Never Greener is set in 1985 and 2002. I always love stories that do a big time leap where the past informs the present, where you find out what became of some characters years later. It’s a relationship story – about a woman who had an affair when she was in her early 20s which ended in heartbreak, and what happens when, 17 years later, she unexpectedly meets the same man again…
I originally wrote it as a screenplay . . . I thought ‘I wonder how it would work as a novel’
It’s about being given a second chance and whether that second chance should be taken or not. The book is called Never Greener because sometimes we are in danger of thinking ‘the grass is greener on the other side’; that if we’d made certain choices when we were younger, we would be in a better place or a happier place. Hopefully my book is saying that the grass is never greener on the other side – that what we have in the here and now is good and sometimes it’s better not to wonder about ‘what might have been’ and to concentrate on the ‘what is’.
I originally wrote it as a screenplay. When I first started writing I wrote a two-part drama called Never Greener and then a couple of years ago I went away to a health farm and I was looking through stuff that I’d written in the past and I came across it again. I thought ‘I wonder how it would work as a novel’ so just as an experiment I started adapting it to prose form from a script and I really enjoyed it. I would go off for a massage and then find I couldn’t wait to get back to my room to start writing more! It kind of went from there really.
I’ve certainly really enjoyed creating that world and I particularly enjoyed moving between two different timelines. I’ve loved it actually. I’ve absolutely loved it!
It became a much bigger story and in fact the screenplay that I originally wrote in 2004 was very different. The characters were a bit extreme and there was no light and shade there. Hopefully I’ve grown as a writer since I wrote the screenplay. I’ve certainly really enjoyed creating that world and I particularly enjoyed moving between two different timelines. I’ve loved it actually. I’ve absolutely loved it!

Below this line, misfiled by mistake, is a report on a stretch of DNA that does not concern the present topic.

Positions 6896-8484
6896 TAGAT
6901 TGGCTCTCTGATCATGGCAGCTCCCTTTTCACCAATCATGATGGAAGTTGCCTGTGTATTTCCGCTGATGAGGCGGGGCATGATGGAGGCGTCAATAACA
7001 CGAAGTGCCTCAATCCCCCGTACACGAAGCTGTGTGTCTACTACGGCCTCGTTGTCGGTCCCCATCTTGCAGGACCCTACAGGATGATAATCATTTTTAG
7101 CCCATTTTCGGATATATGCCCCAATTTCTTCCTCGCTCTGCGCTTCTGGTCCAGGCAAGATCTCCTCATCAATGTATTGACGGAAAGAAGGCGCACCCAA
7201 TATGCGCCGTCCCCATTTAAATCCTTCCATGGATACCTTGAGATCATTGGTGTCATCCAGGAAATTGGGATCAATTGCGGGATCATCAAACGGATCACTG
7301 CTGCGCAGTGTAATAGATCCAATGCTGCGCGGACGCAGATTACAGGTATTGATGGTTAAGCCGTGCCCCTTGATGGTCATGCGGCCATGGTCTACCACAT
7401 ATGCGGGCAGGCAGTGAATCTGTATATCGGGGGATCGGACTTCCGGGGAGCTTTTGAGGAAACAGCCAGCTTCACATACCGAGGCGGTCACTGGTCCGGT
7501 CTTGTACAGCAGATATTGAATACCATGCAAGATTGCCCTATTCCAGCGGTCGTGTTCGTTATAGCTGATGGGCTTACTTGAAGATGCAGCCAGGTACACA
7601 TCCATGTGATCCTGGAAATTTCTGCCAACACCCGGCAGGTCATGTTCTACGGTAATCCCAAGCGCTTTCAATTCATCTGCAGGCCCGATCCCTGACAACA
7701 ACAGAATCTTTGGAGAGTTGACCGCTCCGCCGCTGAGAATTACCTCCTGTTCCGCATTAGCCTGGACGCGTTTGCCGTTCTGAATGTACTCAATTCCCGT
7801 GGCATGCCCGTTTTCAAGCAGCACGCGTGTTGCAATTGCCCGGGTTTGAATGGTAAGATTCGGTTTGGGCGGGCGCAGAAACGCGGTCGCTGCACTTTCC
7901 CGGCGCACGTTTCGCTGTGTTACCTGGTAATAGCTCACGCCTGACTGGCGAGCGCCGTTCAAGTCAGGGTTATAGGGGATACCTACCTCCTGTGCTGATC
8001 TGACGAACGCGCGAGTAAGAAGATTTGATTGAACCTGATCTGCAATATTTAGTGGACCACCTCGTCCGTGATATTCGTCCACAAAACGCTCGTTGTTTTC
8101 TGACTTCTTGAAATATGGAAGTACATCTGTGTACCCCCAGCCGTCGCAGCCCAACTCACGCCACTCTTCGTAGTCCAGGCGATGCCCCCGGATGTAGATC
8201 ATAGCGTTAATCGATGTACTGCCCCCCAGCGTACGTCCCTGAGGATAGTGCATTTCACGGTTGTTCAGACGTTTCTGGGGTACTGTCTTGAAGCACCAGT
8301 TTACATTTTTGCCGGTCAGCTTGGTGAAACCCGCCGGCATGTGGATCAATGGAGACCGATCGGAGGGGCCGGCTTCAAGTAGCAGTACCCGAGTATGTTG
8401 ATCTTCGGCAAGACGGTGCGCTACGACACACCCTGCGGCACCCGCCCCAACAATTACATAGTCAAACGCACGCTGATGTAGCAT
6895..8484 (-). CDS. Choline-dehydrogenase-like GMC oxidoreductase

With TV-writing, you write scenes and those scenes pretty much stay as they are when you come to filming them. Sometimes you might change things on the day because of the location or the actors’ availability issues. Whereas with novel-writing you have to read it over and over again and every time I read it I find something that needs to be changed or that I don’t quite like. But then it has to be more complete because the final book is the final book, there’s no going back once that’s been printed. It’s very exciting! There’s just such a sense of completion about it. And also, you’ve got the physical book and there it is and that’s that – that’s your finished work.
I’ve also really enjoyed being able to go inside the heads of my characters – I don’t have that luxury when I’m writing scripts for TV. It’s just wonderful to be able to write about what my characters are thinking.
And on a very practical level you can write something and it might not be grammatically correct or you might be writing from one particular angle and it doesn’t really quite make sense but that’s why it’s so brilliant to have an editor! They can keep you along the right lines and say ‘What about this?’, ‘Do you think this might be slightly confusing?’. I think it’s a very different discipline but it’s one that I enjoy!
Never Greener, Ruth Jones’ debut novel is out on paperback on 30 May and her second book, Us Three, is out on 16 April 2020.